I’ve had the opportunity to answer more than 3,000 “hotline calls” in the past 10 years. On many of those calls, the employer wanted to know if they’d be sued for terminating someone.
After representing hundreds of employees during my litigation career I can tell you that “how” an employer fires an employee has a lot to do with an employer’s propensity to get sued. Here are some guidelines to consider:
- Don’t create a lie to make the terminated employee feel good. Recently I received a hotline call which described how an HR consultant working with the company advised them to lie about the reason for the employee’s termination by claiming that it was a “layoff.” Horrible advice! The problem with this approach is if the employee ends up suing you for whatever reason you’ll then have difficulty proving that poor performance, etc. was the reason for their termination. Telling employees the truth is the best way to stay out of the courtroom — and don’t ask HR people legal questions that require a lawyer’s judgment!
- Don’t underestimate how traumatic the event will be for the terminated person or tell them how tough it was on you. Yes, it’s tough for you, but guess what? It’s even tougher on them and their family. Feeling bad yet?
- Don’t lose sleep over the termination. Where did management fail this employee? Did the relationship begin with a bad hire? If you’ve done everything you can to be responsible to the employee, then you should have no fear or other negative emotion associated with letting them go. Terminating poor performers allows them to work someplace where they’ll have the opportunity to perform better. It also relieves the burden on your remaining employees. Again, if you have any concerns, what is the source of those concerns?
- Don’t embarrass the employee. Try not to terminate them in front of the rest of the team, make a scene of their walking out of the office, etc. Terminate in a dignified manner, even if the employees have been less than dignified themselves. You don’t have to stoop to their level. If the employee is belligerent or obnoxious, do what you must to calm the situation and protect yourself.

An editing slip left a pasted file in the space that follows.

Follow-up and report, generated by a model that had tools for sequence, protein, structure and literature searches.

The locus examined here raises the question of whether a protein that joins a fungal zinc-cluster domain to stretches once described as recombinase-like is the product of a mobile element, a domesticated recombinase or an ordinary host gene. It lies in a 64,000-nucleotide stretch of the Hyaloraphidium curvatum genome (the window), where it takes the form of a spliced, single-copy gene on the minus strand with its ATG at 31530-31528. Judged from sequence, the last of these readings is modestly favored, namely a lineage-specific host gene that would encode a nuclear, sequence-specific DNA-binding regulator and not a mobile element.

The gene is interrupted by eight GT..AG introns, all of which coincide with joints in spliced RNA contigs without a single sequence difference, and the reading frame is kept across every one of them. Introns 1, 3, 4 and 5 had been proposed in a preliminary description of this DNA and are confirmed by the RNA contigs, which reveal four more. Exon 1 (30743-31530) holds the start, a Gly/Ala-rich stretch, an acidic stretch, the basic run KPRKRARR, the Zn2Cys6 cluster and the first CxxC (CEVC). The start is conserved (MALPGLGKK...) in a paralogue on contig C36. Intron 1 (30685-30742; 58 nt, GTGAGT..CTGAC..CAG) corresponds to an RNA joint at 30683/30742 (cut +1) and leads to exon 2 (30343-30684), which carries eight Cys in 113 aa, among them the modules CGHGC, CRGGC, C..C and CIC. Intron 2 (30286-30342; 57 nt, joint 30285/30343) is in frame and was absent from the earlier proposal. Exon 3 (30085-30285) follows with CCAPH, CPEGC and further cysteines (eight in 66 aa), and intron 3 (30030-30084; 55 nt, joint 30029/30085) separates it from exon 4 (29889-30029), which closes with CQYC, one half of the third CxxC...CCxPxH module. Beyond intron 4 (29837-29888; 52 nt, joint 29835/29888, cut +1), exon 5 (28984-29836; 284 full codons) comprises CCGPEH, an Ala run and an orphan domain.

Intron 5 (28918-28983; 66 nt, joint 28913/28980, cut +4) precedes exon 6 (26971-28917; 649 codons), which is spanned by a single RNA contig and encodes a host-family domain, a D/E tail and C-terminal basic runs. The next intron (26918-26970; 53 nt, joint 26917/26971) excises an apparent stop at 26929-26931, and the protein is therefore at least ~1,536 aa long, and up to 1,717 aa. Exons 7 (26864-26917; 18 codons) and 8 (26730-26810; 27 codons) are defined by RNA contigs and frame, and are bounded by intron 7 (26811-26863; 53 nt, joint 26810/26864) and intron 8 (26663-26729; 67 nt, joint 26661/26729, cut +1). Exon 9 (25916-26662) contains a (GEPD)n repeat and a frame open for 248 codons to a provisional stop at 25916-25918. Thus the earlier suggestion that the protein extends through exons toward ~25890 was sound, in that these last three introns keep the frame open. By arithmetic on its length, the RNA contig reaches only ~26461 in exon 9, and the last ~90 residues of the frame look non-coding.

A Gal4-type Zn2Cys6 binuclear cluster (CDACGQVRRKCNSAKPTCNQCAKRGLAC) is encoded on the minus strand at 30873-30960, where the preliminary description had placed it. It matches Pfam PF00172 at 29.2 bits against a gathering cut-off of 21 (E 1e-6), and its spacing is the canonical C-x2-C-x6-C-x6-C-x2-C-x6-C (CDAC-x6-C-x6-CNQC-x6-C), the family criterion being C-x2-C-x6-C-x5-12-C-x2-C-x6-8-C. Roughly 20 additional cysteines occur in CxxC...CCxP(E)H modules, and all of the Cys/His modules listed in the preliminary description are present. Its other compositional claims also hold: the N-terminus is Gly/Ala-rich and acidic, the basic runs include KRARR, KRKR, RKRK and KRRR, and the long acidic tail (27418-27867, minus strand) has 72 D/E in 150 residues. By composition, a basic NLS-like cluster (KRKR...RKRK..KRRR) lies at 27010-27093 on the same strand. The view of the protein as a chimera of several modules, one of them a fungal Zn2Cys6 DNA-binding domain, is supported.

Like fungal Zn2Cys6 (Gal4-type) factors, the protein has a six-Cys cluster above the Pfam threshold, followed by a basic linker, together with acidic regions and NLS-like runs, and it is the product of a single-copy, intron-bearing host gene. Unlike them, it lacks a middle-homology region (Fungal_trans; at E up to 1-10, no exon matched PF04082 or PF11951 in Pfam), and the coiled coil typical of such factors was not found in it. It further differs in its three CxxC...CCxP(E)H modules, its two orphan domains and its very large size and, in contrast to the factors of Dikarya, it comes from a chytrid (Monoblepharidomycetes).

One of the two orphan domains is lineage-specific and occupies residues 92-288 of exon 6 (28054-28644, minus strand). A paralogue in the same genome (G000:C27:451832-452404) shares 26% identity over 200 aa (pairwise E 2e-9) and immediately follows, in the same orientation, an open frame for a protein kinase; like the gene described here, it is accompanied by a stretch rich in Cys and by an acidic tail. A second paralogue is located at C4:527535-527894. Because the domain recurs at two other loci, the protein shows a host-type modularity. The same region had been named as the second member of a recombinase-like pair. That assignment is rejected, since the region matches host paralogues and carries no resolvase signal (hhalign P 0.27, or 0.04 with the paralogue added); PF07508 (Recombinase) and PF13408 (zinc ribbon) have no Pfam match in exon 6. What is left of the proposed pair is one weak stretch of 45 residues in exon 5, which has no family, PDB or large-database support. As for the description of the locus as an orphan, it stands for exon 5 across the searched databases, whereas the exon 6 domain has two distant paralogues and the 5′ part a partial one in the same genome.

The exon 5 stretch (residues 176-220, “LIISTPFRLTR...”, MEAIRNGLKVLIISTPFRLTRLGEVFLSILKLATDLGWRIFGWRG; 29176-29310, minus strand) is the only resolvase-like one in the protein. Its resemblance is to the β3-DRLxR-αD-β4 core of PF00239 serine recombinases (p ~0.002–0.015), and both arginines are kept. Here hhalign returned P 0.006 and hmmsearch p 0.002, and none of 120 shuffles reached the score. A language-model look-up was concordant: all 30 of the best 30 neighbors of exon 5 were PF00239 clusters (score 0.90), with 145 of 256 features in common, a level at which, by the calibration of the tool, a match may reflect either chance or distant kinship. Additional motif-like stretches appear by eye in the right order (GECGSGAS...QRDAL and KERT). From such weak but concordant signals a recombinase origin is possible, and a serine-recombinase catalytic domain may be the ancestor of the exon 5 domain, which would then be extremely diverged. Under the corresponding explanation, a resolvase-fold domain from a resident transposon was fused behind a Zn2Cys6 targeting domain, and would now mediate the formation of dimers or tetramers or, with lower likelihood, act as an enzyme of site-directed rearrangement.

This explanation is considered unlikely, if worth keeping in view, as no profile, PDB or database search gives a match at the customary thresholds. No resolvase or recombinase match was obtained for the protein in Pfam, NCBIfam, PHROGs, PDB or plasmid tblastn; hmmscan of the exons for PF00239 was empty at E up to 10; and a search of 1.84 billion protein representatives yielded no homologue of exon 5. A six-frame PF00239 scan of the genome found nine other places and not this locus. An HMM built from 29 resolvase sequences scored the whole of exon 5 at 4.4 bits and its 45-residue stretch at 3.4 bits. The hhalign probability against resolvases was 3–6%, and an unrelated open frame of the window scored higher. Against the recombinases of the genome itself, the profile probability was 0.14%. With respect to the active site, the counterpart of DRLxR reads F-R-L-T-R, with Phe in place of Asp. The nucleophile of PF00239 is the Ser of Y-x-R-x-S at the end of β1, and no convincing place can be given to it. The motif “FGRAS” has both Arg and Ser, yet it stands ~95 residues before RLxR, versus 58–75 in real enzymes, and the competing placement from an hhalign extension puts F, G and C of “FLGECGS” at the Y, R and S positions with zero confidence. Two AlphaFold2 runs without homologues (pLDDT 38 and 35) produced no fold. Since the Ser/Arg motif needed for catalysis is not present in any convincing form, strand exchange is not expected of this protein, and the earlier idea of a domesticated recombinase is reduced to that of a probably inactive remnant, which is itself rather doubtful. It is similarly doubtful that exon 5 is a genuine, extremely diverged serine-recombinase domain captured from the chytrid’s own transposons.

- Don’t turn the termination into a one-hour conversation. By now there should be no surprises. Employees should have known that if they didn’t improve their performance they would be off the bus. Don’t negotiate or sympathize — just let them go.
- Don’t make promises you’ll regret. In a well-known case, a school concerned about the employee’s backlash (he claimed he was falsely accused of sexual harassment) offered a letter of recommendation on which a subsequent employer relied. As it turned out, the employee was once again accused of sexual harassment. When the victims of this alleged sexual harassment sued the new employer, they cross-complained against the previous employer for misrepresentation. Don’t be that previous employer!
- Finally, don’t try to buy off terminated employees with a release for two weeks of severance — all this will do is invite them to see a lawyer. Don’t offer a release when you fire employees for poor performance or because you’re in fact in an economic downturn. They don’t deserve the former and you can’t afford the latter!
If you’re an HR That Works Member, follow the Pre-termination Checklist.